Free Speech on the Ballot: The Case for Fusion

Andy Craig
Director, Election Policy
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In the 19th century and continuing well into the 20th, the United States saw a proliferation of political parties, many operating within a single state or region, and often achieving a substantial degree of electoral success. The most successful of these coalesced to form what is now the Republican Party.

This competitive market for political organizations produced the creative destruction of the Whigs and put a new, much better anti-slavery party in control of the White House and Congress. But we haven’t seen the emergence of a new major party since then, and few serious attempts. Instead, alternative parties are relegated to the irrelevant fringes.

So what changed? The single greatest cause for the decline of this marketplace of ideas was the prohibition of fusion, also known as cross-nomination.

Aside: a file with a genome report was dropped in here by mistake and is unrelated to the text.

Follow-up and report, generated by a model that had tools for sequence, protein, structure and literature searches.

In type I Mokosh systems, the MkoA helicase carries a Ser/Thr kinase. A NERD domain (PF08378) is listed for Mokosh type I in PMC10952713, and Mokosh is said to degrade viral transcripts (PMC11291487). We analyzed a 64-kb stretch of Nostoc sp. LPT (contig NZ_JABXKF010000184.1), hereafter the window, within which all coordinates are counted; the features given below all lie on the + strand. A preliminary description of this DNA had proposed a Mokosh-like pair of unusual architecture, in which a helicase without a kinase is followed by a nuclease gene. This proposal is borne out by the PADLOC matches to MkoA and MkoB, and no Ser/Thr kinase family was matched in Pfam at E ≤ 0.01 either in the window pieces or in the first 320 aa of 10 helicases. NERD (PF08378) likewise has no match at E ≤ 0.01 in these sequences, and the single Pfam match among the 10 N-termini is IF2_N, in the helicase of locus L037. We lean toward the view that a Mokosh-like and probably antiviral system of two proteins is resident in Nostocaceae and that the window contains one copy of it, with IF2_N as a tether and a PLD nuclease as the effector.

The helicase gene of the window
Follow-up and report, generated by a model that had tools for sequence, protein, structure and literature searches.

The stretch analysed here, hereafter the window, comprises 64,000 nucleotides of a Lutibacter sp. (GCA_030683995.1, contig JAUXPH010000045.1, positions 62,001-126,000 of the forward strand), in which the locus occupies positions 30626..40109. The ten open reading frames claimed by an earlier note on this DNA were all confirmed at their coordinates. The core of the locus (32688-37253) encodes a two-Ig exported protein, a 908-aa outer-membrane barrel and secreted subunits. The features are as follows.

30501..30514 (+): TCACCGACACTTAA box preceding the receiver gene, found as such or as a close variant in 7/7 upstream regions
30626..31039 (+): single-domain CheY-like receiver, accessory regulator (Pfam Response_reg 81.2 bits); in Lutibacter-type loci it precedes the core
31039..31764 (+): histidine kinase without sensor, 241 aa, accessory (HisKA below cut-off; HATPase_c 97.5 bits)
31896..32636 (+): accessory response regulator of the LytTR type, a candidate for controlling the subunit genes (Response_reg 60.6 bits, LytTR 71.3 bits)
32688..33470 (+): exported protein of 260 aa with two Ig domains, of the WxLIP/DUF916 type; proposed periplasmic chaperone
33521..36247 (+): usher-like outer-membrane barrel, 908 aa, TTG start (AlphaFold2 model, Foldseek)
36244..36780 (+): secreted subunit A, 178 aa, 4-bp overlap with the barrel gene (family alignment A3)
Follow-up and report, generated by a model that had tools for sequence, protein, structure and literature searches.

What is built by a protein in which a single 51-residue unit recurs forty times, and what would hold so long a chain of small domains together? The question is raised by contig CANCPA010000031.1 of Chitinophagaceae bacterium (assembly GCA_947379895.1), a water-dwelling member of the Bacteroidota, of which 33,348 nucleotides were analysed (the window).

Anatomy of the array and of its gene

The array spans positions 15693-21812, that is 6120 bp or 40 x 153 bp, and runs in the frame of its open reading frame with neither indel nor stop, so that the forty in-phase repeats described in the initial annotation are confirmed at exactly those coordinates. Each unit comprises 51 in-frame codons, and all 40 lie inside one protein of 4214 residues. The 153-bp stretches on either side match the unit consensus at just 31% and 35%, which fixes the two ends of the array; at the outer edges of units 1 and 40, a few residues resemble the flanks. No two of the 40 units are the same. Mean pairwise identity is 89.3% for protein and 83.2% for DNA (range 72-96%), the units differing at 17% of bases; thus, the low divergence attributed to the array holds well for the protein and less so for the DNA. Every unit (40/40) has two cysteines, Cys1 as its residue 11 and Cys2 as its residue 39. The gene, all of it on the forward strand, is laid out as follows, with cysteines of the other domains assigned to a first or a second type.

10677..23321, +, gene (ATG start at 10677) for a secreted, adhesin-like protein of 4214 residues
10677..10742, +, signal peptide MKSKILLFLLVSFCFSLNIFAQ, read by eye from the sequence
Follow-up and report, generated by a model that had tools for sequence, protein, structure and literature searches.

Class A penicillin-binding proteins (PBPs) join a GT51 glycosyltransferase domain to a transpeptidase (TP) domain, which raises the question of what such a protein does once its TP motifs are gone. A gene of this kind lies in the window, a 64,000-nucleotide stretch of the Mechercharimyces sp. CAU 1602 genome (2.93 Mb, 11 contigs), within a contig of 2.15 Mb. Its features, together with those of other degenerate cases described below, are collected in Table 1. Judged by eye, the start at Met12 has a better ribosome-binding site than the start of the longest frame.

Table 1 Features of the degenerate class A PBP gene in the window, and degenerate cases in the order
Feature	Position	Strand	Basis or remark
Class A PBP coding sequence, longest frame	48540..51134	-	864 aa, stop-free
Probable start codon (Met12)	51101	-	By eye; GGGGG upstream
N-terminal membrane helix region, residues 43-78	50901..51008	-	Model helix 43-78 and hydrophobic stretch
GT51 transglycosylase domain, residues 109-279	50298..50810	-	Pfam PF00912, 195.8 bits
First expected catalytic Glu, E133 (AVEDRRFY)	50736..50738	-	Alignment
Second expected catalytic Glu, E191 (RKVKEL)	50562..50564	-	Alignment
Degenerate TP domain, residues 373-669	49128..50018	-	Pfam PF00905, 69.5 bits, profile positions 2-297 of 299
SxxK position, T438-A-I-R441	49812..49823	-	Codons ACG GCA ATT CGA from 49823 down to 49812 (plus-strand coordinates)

Fusion is simply the ability of multiple parties to nominate the same candidate if and when they want. For example, both Republicans and Libertarians might want to back the same candidate in some races, or likewise the Democrats and the Working Families Party. On rare occasions an exceptionally popular candidate might even appeal to primary voters in both major parties.

In banning fusion, mostly at the height of the Progressive era, unjustified government control was asserted over core political speech and freedom of association. The consequences of this change have been widely overlooked, but go to the core of why our political system is so toxic and dysfunctional today.